In light of all this, we must now make some current reflections. Fraternity is built, exactly, as peace is built, that is, starting closely, for us, not with great schemes, with ambitious and abstract goals. This means that universal fraternity begins for us with fraternity in the Catholic Church.

I also set aside, for once, the second circle that is fraternity among all believers in Christ, that is, ecumenism. The Catholic fraternity is hurt! Christ’s robe has been torn apart by the divisions between the Churches; but—worse—each piece of the robe is often divided, in turn, into other pieces.

I speak, of course, of the human element of it, because the true robe of Christ, his mystical body animated by the Holy Spirit, no one can ever hurt her. In the eyes of God, the Church is “one, holy, Catholic and apostolic” and will remain as such until the end of the world.

This, however, does not excuse our divisions, but makes them more guilty and must push us harder for us to heal them. What is the most common cause of divisions among Catholics? It is not dogma, it is not the sacraments and ministries: all the things that by God’s singular grace we keep whole and unanimous.

It is the political choice, when it takes advantage over the religious and ecclesial and defends an ideology, completely forgetting the meaning and duty of obedience in the Church. This, in many parts of the world, is the true factor of division, even if it is silent or dismissingly denied. This is a sin, in the strictest sense of the term. It means that “the kingdom of this world” has become more important, in one’s heart, than the Kingdom of God. I believe that we are all called to make a serious examination of our consciences on this matter and to become. This is, par excellence, the work of the one whose name is “diabolos”, that is, the divider, the enemy that sows tares, as Jesus defines it in his parable (Cf. Mt 13:25).

We must learn from the gospel and the example of Jesus. There was a strong political polarization around him. There were four parties: the Pharisees, the Sadducees, the Herodians and the Zelotas. Jesus did not align himself with any of them and resisted vigorously the attempt to drag him to one side or the other. The early Christian community faithfully followed him in this election.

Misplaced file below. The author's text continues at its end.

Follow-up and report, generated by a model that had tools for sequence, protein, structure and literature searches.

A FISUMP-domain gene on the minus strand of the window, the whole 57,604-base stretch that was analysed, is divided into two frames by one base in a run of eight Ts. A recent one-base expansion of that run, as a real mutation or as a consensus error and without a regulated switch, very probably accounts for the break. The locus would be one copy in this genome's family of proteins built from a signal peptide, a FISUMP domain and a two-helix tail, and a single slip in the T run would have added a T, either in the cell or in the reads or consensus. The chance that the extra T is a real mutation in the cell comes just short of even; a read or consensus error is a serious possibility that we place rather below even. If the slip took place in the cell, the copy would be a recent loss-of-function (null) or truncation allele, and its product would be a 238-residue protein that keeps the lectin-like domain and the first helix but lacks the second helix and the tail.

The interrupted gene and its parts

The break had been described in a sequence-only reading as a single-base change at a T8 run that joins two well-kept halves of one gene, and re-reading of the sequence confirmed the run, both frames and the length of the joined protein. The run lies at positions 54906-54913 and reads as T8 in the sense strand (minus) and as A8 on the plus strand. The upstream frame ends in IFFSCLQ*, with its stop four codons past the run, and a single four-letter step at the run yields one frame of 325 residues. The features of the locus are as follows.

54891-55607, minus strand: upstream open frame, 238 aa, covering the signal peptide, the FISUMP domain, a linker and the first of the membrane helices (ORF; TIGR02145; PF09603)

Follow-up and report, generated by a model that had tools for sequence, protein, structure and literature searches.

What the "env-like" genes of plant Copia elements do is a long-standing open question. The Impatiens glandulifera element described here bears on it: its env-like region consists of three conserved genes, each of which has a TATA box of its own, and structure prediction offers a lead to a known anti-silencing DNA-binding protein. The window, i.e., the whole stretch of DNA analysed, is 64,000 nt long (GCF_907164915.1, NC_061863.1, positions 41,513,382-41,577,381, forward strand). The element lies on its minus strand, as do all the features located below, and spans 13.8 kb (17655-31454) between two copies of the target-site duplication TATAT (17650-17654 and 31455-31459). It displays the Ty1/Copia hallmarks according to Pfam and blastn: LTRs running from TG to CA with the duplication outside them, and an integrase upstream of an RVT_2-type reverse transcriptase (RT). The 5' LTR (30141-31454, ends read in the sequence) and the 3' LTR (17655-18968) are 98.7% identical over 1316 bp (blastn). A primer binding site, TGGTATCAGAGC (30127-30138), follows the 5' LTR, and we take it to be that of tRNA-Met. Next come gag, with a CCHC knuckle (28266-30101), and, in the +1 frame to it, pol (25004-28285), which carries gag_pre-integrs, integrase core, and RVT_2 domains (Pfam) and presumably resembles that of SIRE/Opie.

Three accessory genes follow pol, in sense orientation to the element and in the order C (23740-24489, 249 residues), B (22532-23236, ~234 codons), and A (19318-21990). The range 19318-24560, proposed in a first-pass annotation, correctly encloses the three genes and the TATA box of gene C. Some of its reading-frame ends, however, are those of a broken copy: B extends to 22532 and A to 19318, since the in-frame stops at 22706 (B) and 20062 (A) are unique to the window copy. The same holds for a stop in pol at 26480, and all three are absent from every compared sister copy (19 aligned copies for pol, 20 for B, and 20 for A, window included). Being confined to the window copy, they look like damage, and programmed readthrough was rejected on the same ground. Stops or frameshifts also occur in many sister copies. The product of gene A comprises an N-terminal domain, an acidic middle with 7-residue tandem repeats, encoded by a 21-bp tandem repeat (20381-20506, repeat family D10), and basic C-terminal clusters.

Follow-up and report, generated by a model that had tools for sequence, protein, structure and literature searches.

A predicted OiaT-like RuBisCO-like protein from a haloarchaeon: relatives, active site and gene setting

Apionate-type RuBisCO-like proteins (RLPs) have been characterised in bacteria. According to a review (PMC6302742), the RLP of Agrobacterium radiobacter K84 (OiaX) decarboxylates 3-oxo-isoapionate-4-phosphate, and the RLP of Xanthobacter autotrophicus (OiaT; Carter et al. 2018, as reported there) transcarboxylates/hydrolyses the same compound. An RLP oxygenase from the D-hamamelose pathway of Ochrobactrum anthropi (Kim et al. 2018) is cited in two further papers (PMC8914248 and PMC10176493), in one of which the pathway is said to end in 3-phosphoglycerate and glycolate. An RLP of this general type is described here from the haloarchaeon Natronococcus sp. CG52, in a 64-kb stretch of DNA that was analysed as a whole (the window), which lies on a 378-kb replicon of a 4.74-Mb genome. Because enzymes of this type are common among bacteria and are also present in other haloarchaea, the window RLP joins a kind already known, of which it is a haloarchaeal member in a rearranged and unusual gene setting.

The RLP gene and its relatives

This is an example, especially for shepherds who must be shepherds throughout the flock, not a single part of it. Therefore, they are the first to have to take a serious examination of conscience and wonder where they are taking their flock: whether by their side, or beside Jesus.

The Second Vatican Council entrusts in particular to the laity the task of implementing, in the various historical situations, the social, economic and political teachings of the Gospel. These can translate into even different options, when they are respectful of others and peaceful.

If there is a special charism or gift that the Catholic Church is called to cultivate for all Christian Churches, it is precisely unity. The Holy Father’s recent trip to Iraq has made us feel first-hand what it means for those who are oppressed or have survived wars and persecutions to feel part of a universal body, with someone who can make the rest of the world hear their cry and relive hope.

Once again Christ’s command has been fulfilled to Peter: “Confirm thy brethren” (Lk 22:32). To him who died on the cross “to gather the scattered children of God” (Jn 11:52) we raise, on this day, “with a contrite heart and a humiliated spirit”, the prayer that the Church addresses to him in every Mass before Communion:

“Lord Jesus Christ, who said to your apostles, ‘Peace I leave you, my peace I give you,’ do not look at our sins, but the faith of your Church, and according to your word grant peace and unity, you who live and reign for ever and ever. Amen.”

Vatican City, St. Peter’s Basilica,
Friday, April 2, 2021. Good Friday.

Celebration of the Passion of the Lord presided over by the Holy Father Francis and Preach of Cardinal Cantalamessa available entering → Good Friday | Passion of the Lord

Via Crusis presided over by Pope Francis → Good Friday | Via Crusis

Gentileness of the Holy See Press Office.